Global Context:
·        Innovation requires continuous investment. Before the 2009 crisis, global research and development (R&D) expenditure grew at an annual pace of approximately 7%. GII 2016 data indicate that global R&D grew by only 4% in 2014, as a result of slower growth in emerging economies and tighter R&D budgets in high-income economies.
·        The growth in global R&D investments is being driven by spending in Asian countries, in particular, China, Japan, and South Korea, which now account for more than 40% of all global investments.
·        The top innovating nations are all high-income economies, with high GDP per capita, and these economies show mature innovation systems with robust institutions and high levels of market and business sophistication, allowing investment in human capital and infrastructure to translate into quality innovation outputs. The steps taken by some of these top innovating regions are:
o   United Kingdom: the framework under the Department for Innovation, Universities & Skills (DIUS) has been performing well, especially on the lifelong learning and early-stage venture capital front. The Innovation Nation White Paper outlines the future of innovation in the country, providing intellectual leadership by suggesting new policies based on new imperatives. Highlights include provisioning for ‘hidden’ innovation and demand-driven ideas and fostering collaboration between public, private and non-governmental organizations (NGOs) to transform public services.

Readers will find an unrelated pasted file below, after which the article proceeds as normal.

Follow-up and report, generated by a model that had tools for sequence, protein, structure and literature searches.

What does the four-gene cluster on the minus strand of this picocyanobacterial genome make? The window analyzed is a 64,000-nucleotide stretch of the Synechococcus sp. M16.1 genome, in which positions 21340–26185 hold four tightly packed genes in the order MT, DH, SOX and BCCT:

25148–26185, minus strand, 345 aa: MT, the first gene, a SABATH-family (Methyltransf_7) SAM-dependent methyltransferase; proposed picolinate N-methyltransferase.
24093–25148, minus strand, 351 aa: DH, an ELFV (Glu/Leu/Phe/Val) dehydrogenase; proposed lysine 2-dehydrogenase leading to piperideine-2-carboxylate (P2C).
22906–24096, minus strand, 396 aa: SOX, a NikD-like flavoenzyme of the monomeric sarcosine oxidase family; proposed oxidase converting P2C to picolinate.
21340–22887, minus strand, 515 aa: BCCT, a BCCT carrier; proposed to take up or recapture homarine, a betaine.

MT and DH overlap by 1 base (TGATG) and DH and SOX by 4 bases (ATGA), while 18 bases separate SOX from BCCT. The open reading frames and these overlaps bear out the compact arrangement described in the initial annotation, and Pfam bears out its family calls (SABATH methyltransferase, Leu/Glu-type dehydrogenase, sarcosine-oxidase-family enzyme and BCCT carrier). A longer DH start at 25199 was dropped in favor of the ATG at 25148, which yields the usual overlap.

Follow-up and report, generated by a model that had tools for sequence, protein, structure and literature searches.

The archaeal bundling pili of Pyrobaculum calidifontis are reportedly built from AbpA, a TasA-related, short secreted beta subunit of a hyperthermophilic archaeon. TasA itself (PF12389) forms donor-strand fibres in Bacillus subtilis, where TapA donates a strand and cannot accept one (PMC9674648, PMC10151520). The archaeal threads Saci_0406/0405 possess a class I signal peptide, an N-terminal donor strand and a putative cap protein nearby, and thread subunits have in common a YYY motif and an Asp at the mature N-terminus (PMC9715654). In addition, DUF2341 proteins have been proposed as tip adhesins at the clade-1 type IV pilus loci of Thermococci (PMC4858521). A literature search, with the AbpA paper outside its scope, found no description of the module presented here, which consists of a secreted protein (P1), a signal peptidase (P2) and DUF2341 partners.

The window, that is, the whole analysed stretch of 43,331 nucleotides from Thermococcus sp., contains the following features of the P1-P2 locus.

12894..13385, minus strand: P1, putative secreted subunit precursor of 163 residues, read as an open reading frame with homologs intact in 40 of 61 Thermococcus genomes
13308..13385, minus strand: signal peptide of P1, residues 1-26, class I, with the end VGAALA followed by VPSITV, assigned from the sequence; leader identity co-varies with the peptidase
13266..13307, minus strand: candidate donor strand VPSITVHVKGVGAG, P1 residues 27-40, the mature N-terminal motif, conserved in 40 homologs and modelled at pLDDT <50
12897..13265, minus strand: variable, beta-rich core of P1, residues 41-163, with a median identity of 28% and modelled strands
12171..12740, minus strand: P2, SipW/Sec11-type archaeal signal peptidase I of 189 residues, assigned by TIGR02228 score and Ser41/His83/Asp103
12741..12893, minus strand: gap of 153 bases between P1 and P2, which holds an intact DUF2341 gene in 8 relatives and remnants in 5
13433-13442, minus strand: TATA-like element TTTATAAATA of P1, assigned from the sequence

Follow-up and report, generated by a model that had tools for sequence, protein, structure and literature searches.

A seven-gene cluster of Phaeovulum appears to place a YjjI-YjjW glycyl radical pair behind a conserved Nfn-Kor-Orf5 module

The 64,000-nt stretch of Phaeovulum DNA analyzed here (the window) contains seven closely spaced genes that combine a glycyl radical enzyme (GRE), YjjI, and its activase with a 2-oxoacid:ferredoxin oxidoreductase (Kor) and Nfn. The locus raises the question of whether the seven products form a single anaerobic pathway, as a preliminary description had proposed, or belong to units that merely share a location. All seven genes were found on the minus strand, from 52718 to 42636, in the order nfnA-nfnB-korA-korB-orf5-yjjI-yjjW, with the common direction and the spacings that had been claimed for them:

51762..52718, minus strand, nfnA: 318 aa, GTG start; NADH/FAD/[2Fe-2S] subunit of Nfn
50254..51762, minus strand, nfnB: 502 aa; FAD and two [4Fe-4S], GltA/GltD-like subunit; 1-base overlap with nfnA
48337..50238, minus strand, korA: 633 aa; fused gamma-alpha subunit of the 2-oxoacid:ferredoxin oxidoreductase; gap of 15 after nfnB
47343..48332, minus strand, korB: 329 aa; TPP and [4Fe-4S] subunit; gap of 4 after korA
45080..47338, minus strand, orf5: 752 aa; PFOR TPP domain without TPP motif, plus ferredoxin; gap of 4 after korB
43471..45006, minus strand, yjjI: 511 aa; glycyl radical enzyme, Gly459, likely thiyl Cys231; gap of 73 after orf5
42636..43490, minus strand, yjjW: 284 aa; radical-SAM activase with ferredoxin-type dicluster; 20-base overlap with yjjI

o   United States: The US recognizes a vision and strong culture of innovation, and more importantly, successful commercialization of innovation in the country. The National Innovation Initiative (NII) outlines the next phase in this journey, focusing strongly on the three pillars - talent, investment and infrastructure.
o   European Union: The European Union (EU) stresses on innovation at both the Union level as well as the regional level. For Europe 2020, the three priorities identified include smart growth, sustainable growth and inclusive growth. The EU’s Innovation Policy places strong emphasis on social innovation, recognizing it as “an important new field which should be nurtured”.
o   China: China has shown tremendous rise over the past decade, and is currently ranked 22 in the Global Innovation Index 2017. This high ranking was on the back of strong performance in business sophistication and knowledge and technology outputs, presence of global R&D companies, research talent in business enterprise and patent applications.

Recommendations to promote innovation in India:
·        The innovation strategy for India needs to have four very clear objectives: